LIVE REVIEW: Lux Lisbon, White Houses, Charlie Austen @ Think Tank?, Newcastle (09.11.18) | NARC. | Reliably Informed | Music and Creative Arts News for Newcastle and the North East

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Sometimes you go to watch a particular band for the first time in a while and immediately end up kicking yourself for not having seen them more often. Step forward Lux Lisbon, one of the classiest and most compelling live acts in the UK, who take to the stage in Newcastle as part of a brief but brilliant November tour and play an intoxicating set of songs new and old to a lively Friday night crowd.

Fronted by Durham’s Stuart Rook (vocals, keys, guitar and songwriting) and the wonderful Charlie Austen (vocals, bass, keys and anything else she can turn her hand to), Lux Lisbon are a ‘DIY band’ in the sense that they have no manager, agent, label etc. and are renowned for being the only such act ever to sell out London Scala in advance.

The aforementioned Charlie Austen opens the evening with a well-received acoustic solo set, beginning with what she describes as “a lament about Brexit” and closing with the gorgeous Copenhagen and some thought-provoking honesty in Slave To Chemistry.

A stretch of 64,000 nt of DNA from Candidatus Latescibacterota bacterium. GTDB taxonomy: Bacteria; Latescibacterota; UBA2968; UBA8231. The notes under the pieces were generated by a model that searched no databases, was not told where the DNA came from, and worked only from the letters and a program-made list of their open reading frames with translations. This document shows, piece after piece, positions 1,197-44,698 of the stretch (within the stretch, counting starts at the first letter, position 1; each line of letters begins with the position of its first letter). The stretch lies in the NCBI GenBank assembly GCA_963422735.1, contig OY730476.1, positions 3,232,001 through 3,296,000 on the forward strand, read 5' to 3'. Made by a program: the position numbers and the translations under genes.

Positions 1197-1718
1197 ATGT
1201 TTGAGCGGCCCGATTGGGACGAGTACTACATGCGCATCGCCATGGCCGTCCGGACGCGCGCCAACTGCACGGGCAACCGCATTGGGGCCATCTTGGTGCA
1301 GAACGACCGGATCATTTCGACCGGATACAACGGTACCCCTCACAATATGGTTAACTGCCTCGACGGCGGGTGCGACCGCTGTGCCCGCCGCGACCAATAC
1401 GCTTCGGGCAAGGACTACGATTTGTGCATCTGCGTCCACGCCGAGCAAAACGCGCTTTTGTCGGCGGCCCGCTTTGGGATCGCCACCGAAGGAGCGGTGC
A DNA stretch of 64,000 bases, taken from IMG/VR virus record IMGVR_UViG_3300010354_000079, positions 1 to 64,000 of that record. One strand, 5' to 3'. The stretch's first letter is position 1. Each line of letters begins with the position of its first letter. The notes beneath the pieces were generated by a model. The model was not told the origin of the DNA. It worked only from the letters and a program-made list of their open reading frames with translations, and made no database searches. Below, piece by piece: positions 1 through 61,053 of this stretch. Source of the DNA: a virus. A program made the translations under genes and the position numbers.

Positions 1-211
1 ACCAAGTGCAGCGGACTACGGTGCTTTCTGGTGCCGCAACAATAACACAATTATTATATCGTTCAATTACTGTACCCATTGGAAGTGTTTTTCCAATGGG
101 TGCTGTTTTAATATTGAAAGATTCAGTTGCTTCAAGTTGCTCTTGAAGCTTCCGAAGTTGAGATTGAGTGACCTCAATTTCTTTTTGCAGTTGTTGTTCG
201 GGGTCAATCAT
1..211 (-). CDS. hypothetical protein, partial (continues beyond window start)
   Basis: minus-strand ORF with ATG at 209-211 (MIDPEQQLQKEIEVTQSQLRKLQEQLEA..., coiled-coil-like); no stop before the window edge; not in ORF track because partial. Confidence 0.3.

Local lads White Houses (formerly Columbia) are up next with an immensely melodic and energetic collection of songs, most notably the brilliantly catchy Slow Dancing and chiming epic Panic Disorder which leaves a lasting impression long after they exit the stage.

And so to Lux Lisbon, who set the tone for the rest of the evening by opening with the eerily brooding Demons You Show and the delicious boy-girl harmonies of We Don’t Believe In Love No More, Charlie’s soulful voice sounding even more splendid than in her support slot when combined effortlessly with Stu’s. 

The band’s magic lies not only in their vocal strengths and fusing of funky indie rock guitar lines with pulsating dance beats, but in their impressive array of differing song styles and the continual presence of intelligent and emotive words which trip off the tongue like poetry. New songs Pavlov’s Dogs, Change (To Stay the Same) and My Body Sings Electric are as immediately impactful as those from their earlier releases and will surely soon become as well-loved as the old favourites which round off tonight’s show – the always exquisite Get Some Scars and the superbly biting political commentary of Bullingdon Club.

Lux Lisbon are a glorious reminder that while listening to music via CDs and Spotify is all well and good, there’s nothing like the experience of a roof-raising live performance to put a glow in your heart and raise the hairs on the back of your neck.

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